The Influence of Non-Condesible Gas Recycling On the Yield of Fractional Catalytic Pyrolysis Products

Wednesday, October 19, 2011: 9:29 AM
208 C (Minneapolis Convention Center)
Foster Agblevor, Biological Engineering, Utah State University, Logan, UT, Ofei Mante, Biological Systsems Engineering, Virginia Polytechnic Institute and State University, Blacksburg, VA, S. Ted Oyama, Chemical Engineering, Virginia Polytechnic Institute and State University, Blacksburg, VA and Ron McClung, BASF Catalysts LLC, Iselin, NJ

The fractional catalytic pyrolysis of biomass generates a considerable amount of non-condensible gases stemming from the cracking of the primary biomass degradation products.  In some gases, the gas fraction can exceed 50 wt% of the biomass.  This gas can conceivably be either recycled to fluidize the reactor or combusted to fuel the pyrolysis reaction.  The important question to ask is whether the recycling of this gas influences the product yield and composition.  We investigated both the recycled non-condensible gases (NCG) , carbon monoxide, carbon dioxide and synthetic mixture of gases for their effect on the catalytic pyrolysis of hybrid poplar wood.   The NCG in all cases appeared to increase the yield of the liquid products and as well as increase the yield of the hydrogen fraction.  However, the viscosity of the oils appeared to have increased with the recycling of the gases.  Carbon dioxide alone also appeared to affect the viscosity of the liquid products and underwent the water gas shift reaction producing more hydrogen.  The carbon dioxide appeared to have very little effect on the pyrolysis process.  In general, the carbon dioxide appeared to be inert.  The hydrocarbons in the NCG also appeared to undergo some reactions and therefore increasing the yield of the products.  Thus, the recycling of the NCG in the fractional catalytic pyrolysis process has a beneficial effect on the entire process.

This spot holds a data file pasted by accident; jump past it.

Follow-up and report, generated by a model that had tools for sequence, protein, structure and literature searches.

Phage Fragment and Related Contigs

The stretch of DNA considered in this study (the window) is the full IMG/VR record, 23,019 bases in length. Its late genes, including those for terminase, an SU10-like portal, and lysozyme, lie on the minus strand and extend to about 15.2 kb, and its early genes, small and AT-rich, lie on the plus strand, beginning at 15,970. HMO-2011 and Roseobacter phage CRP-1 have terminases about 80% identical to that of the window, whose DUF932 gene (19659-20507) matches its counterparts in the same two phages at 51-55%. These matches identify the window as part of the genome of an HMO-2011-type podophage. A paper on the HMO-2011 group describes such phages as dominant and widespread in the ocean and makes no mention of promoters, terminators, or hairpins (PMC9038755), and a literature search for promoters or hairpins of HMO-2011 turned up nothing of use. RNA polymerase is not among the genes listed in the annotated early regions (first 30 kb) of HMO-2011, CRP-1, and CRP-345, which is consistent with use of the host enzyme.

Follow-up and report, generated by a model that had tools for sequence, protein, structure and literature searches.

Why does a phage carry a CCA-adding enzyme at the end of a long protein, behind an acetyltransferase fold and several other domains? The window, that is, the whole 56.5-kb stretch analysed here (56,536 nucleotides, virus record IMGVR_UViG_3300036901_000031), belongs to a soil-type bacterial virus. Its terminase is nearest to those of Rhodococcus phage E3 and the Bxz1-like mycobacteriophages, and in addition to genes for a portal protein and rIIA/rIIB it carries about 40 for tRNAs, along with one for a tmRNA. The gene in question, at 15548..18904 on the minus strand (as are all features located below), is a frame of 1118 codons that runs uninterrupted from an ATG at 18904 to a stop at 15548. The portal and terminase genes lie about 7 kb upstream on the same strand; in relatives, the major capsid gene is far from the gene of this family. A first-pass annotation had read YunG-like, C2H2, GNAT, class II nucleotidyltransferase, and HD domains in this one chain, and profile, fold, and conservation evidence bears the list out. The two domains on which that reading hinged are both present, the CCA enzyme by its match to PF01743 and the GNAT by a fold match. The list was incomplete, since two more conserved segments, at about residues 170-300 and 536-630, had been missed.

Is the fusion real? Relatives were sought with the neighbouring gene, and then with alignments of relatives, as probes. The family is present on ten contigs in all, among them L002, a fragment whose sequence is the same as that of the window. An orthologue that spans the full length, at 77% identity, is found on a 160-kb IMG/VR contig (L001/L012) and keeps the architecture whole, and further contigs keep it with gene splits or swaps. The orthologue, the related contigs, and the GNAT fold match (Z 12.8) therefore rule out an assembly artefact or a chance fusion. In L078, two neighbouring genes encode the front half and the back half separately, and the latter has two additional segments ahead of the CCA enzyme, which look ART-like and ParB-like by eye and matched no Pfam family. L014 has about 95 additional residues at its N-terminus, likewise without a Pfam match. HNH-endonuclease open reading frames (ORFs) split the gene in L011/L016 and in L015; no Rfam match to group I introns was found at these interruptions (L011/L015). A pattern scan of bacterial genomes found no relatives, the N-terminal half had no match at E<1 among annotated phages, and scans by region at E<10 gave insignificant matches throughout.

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See more of this Session: Biomass Pyrolysis II
See more of this Group/Topical: Fuels and Petrochemicals Division